This “design flaw” confuses the means and ends in education – and keeps all of us apart.
What we need is more “thinking doers” who come together – across the lines that have been drawn in the sand (or the “schoolyard”) – to talk about “what really matters” in education.
LEARNing – student LEARNing, educator LEARNing, institutional LEARNing!
Just as artists use charcoal or paints or clay to create an experience, teachers use research, best teaching practice and personal insights to craft the best learning experience for their students. I consider what I do to be an art form. I’ve worked hard to learn my craft, and I’m still learning. I always learn from my experiences…why something worked well or didn’t. And I always learn from my students…what helps move them forward faster in their goals, and what doesn’t.
I’ve lived in Spain since 1981. I worked at ESADE, Barcelona for 28 years, first as a language teacher and then as Director of Studies. With my boss, Pat Mills, I helped to organise and run an MA TESOL programme, run jointly by the Institute Of Education (London University) and ESADE from 1994 to 2003.
Since 2004, I’ve worked freelance, doing English immersion courses at home, working with post-doctoral students at the Universitat Politecnica de Barcelona and as an associate tutor in the Distance Learning MA in AL and TESOL pogramme at Leicester University.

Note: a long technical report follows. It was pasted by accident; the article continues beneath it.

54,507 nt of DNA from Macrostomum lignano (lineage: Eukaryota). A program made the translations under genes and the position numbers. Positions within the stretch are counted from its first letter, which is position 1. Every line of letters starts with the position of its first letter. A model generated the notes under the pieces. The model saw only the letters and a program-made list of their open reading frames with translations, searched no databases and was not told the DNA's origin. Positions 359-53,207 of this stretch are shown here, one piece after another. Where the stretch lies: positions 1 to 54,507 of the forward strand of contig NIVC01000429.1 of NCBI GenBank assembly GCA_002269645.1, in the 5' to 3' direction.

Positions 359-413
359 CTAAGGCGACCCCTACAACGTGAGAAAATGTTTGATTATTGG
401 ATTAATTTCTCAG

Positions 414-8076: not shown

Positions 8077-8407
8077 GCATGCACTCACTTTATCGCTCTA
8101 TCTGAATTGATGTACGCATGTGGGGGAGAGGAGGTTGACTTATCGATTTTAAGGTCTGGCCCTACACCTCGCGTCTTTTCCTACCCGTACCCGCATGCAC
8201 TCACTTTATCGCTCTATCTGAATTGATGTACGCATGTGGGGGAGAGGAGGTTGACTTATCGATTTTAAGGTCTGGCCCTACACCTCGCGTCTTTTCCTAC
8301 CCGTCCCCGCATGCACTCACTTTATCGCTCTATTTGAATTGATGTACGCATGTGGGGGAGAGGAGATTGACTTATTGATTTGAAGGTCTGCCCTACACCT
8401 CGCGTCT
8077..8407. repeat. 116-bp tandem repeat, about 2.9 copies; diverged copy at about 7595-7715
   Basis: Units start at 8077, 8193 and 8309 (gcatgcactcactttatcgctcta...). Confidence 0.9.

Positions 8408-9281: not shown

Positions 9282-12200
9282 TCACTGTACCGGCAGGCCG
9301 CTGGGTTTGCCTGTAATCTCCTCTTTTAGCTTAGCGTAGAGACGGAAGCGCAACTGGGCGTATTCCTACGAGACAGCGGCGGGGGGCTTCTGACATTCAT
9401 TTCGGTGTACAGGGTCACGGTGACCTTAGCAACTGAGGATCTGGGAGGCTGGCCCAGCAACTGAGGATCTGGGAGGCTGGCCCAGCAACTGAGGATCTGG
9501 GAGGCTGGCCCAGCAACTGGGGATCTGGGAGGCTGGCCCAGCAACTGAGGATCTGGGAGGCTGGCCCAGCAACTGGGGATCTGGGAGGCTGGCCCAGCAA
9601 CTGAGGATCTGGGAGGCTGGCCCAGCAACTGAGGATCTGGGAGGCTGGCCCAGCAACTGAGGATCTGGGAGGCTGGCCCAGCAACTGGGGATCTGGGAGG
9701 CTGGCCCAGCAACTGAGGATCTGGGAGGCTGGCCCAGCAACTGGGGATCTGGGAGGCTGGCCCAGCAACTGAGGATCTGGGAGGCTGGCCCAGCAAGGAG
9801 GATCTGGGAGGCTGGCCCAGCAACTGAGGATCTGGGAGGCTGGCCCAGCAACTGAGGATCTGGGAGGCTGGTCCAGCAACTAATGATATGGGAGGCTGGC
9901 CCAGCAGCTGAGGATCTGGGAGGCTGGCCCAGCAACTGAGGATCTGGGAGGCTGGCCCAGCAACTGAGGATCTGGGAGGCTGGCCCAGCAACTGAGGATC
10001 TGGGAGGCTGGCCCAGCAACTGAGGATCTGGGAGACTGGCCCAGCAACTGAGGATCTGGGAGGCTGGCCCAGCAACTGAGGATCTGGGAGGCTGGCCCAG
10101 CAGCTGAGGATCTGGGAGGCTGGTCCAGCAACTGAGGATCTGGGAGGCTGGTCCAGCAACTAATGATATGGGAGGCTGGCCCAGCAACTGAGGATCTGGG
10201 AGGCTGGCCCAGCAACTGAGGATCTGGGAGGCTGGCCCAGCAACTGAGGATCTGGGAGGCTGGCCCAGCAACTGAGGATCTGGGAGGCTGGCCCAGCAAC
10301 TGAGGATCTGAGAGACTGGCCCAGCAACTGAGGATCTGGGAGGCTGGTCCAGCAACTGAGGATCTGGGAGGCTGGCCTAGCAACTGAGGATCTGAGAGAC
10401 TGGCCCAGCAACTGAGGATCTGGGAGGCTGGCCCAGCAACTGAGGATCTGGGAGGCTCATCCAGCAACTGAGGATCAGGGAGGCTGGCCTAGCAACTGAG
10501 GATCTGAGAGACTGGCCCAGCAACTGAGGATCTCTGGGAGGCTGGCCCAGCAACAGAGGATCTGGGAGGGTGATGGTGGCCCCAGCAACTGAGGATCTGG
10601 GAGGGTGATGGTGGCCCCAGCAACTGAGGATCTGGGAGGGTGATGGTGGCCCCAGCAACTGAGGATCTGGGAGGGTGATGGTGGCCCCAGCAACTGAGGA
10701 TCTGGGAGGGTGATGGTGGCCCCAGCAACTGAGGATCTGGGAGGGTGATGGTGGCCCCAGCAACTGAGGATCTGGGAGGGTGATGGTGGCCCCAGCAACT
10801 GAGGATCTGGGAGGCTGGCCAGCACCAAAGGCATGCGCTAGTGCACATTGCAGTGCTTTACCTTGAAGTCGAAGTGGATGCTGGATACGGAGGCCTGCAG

My main academic interests are: theories of SLA, psycholinguistics, teaching practice and computational linguistics.
Hobbies: chess, listening to Dylan, Charlie Parker and Bach, waiting for Pynchon to write another good novel, walking in the forest with dogs and donkies, and watching my wife gardening.
This is a hobby site and all the exercises are written by me, Bob Wilson, except the junior worksheets. I'm an English teacher working in Valencia, Spain. My aim is to provide a free resource for students and teachers of English. Why? Eeer, I'm not really sure. Maybe someone will offer me a fantastic job one day. Maybe that person is you!
My brother Jim is also an English teacher. He works in Hat Yai, Thailand and loves Thailand as much as I love Spain. He writes the junior worksheets.
Hi! I’m Barbara Hoskins Sakamoto. I’m an English teacher currently living in Kitakyushu, Japan. I’ve taught English as a Second or Foreign Language (ESL/EFL) for a little more than 20 years, and in those years I have taught all ages in many different environments–private language schools, public schools, businesses, community centers, my home, and even a university extension class or two.
Why do I use three names? Well, my married name is Sakamoto, and most of my friends know me as Barb Sakamoto. However, I’m co-author of a children’s English textbook series called Let’s Go, and most of the teachers who use Let’s Go know me as Barbara Hoskins. So, to be safe, I use all three names!
I’m passionate about teaching, especially about teaching English to young learners. I want to learn about anything that will make me a better teacher. These days, that includes learning how to use web 2.o tools and virtual worlds in the classroom and for professional development, learning about new teaching methodologies and techniques, trying to keep up with research about how children learn. Luckily, I have found generous online friends who help me learn. Hence the title of my blog: Teaching Village. I know that I’m a better teacher when I can work with others. I think we all benefit from sharing with each other.
I’m hoping that Teaching Village will help me connect with EFL teachers I’ve met in workshops around the world, and to make new friends, too!